At a difficult time in my marriage, my wife and I had fights that would last for days. Both of us would dish out the silent treatment, long after we had forgotten the reason for the fight in the first place. Of course, I always thought I was right and Carolyne always thought she was right. Not a very good way to resolve an argument.

We sought the help of a psychiatrist to help us work through this issue. He walked us through the entire argument process and explained why neither of us was prepared to back down or surrender (it was a power struggle) even though the ongoing fights were making us both unhappy. Then he taught us a technique to stop conflict from escalating. It was surprisingly simple but the results were miraculous. I have since tried to use this approach in all areas of my life, not just at home.

The key is that one party needs to apologize first and fast-- even if they do not believe they are the one in the 'wrong'. Now this can be tough to do, but believe me it gets easier the more often you do it. So each time Carolyne and I had an argument we took it in turns to be the first one to apologize. Importantly, we usually apologized within minutes of the argument starting. We could then actually talk about the issue in a calm and loving way, rather than letting the anger build and then blurting out hurtful things at each other.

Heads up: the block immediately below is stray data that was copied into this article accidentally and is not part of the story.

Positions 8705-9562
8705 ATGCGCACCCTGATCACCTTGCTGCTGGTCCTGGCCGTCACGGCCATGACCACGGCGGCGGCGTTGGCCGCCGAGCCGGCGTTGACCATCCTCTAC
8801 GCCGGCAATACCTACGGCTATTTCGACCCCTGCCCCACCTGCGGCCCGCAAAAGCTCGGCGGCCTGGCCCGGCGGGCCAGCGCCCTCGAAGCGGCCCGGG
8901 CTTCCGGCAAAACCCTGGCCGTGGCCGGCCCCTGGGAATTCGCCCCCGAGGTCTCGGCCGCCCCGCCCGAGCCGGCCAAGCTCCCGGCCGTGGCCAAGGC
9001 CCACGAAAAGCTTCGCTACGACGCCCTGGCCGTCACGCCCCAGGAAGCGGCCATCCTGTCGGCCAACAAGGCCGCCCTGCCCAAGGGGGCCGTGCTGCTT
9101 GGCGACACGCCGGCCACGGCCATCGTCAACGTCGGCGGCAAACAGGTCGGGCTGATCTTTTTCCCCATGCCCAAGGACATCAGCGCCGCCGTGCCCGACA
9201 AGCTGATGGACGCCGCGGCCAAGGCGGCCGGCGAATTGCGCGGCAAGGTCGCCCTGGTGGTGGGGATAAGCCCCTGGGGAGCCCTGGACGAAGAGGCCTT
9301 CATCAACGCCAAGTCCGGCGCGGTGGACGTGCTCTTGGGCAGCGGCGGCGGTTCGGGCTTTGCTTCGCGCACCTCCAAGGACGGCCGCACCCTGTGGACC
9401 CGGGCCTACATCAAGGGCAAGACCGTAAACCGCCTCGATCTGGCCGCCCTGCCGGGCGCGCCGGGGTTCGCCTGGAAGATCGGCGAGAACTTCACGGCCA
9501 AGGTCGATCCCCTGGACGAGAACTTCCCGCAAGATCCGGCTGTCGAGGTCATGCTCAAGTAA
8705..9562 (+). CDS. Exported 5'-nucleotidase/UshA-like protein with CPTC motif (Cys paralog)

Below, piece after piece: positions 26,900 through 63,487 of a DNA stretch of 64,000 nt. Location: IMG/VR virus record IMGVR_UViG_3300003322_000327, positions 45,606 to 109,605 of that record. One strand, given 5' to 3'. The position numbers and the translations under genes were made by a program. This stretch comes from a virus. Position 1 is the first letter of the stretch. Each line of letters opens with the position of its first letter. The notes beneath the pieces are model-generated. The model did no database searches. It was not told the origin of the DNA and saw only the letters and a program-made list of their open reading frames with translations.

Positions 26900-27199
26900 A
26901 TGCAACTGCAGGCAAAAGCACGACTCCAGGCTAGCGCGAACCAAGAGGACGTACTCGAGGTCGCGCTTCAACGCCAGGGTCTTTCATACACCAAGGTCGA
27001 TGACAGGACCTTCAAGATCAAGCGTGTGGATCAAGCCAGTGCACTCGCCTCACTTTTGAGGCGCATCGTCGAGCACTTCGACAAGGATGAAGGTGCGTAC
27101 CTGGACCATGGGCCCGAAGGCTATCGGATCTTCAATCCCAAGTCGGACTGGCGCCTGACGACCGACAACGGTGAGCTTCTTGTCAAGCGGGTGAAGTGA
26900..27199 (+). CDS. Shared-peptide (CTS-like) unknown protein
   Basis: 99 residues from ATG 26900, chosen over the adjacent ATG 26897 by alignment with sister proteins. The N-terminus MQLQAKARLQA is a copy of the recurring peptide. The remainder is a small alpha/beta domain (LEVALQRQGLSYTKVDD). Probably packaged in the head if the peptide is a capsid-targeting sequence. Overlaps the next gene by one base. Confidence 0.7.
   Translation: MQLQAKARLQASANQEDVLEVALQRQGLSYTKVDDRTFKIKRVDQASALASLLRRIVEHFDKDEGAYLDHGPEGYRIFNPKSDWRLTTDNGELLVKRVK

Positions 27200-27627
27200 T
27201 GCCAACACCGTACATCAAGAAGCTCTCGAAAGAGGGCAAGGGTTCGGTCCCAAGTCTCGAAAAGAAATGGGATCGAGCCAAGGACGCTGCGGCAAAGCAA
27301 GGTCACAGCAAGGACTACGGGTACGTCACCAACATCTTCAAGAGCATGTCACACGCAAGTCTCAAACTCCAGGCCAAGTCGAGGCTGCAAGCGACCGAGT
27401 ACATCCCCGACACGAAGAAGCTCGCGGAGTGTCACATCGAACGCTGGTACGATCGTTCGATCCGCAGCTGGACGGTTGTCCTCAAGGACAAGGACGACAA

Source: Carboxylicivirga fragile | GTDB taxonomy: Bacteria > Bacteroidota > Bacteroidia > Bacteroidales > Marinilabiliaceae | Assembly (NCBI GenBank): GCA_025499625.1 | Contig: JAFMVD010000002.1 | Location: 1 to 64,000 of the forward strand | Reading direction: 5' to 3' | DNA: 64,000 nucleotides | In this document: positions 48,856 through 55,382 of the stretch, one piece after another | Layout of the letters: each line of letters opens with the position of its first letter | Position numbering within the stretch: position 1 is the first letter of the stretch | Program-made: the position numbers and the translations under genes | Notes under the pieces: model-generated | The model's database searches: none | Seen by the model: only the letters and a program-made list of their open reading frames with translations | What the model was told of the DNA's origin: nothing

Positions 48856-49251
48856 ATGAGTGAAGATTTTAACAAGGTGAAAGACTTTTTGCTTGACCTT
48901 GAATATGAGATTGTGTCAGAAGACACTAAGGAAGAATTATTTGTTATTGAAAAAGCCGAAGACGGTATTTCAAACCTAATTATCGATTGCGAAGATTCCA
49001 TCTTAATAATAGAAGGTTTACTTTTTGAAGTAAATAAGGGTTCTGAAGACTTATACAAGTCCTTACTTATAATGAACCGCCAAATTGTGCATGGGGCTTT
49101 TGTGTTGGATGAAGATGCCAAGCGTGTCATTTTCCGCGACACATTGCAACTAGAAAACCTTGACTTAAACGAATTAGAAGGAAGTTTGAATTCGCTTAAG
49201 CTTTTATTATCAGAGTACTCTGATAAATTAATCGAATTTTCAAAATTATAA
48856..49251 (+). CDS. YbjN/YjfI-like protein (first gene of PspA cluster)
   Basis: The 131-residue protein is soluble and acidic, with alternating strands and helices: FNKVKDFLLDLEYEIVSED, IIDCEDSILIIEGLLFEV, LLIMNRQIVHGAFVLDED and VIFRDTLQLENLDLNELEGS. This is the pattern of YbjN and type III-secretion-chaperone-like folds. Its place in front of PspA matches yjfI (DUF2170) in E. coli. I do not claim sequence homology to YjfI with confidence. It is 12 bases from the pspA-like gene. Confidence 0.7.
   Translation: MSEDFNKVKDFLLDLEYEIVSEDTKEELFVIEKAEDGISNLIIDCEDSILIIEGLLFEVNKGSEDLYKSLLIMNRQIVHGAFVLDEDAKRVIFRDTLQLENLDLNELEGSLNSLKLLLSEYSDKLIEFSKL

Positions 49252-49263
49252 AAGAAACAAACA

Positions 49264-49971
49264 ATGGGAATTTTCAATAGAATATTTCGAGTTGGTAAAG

The same principle applies to any kind of relationship, not just intimate relationships. If we let things stew and build, we tend to explode rather than explain. It is much better to raise an issue early, as soon as it appears. Try not to assign blame-- put the issue out there first and then work together for ways to resolve it. It really does work.

A lot of stress and angst results from a sense of not being able to express how you are feeling because you are afraid of having an argument that could get out of control. Open and honest dialogue is essential, and this can  only happen when you act quickly and unemotionally. A much better option than going on a tirade after a few drinks at the Christmas party because you have reached boiling point.  

In business there will always be conflicts. There will always be a need to have hard conversations. You might not need a system like we adopted, but you do need a system, or at least a philosophy for dealing with conflict that prevents the breakdown of good business relationships.

While my marriage didn't last, Carolyne and I are very close friends to this day and talk often about this defusing process and the way it continues to make our lives and our relationships better.

Are issues building between you and someone close to you? Does this stress you out and add to an overall sense of dissatisfaction with life? Defuse the situation today before it gets any worse. Sit down with the person and talk about the issues as you see them, and try to work through a way to resolve them and move on with your life.

Sounds simple right? Surely everyone already does this? From my experience they don't. Most people hold things in till they burst and then things are said that can never be unsaid and relationships break down.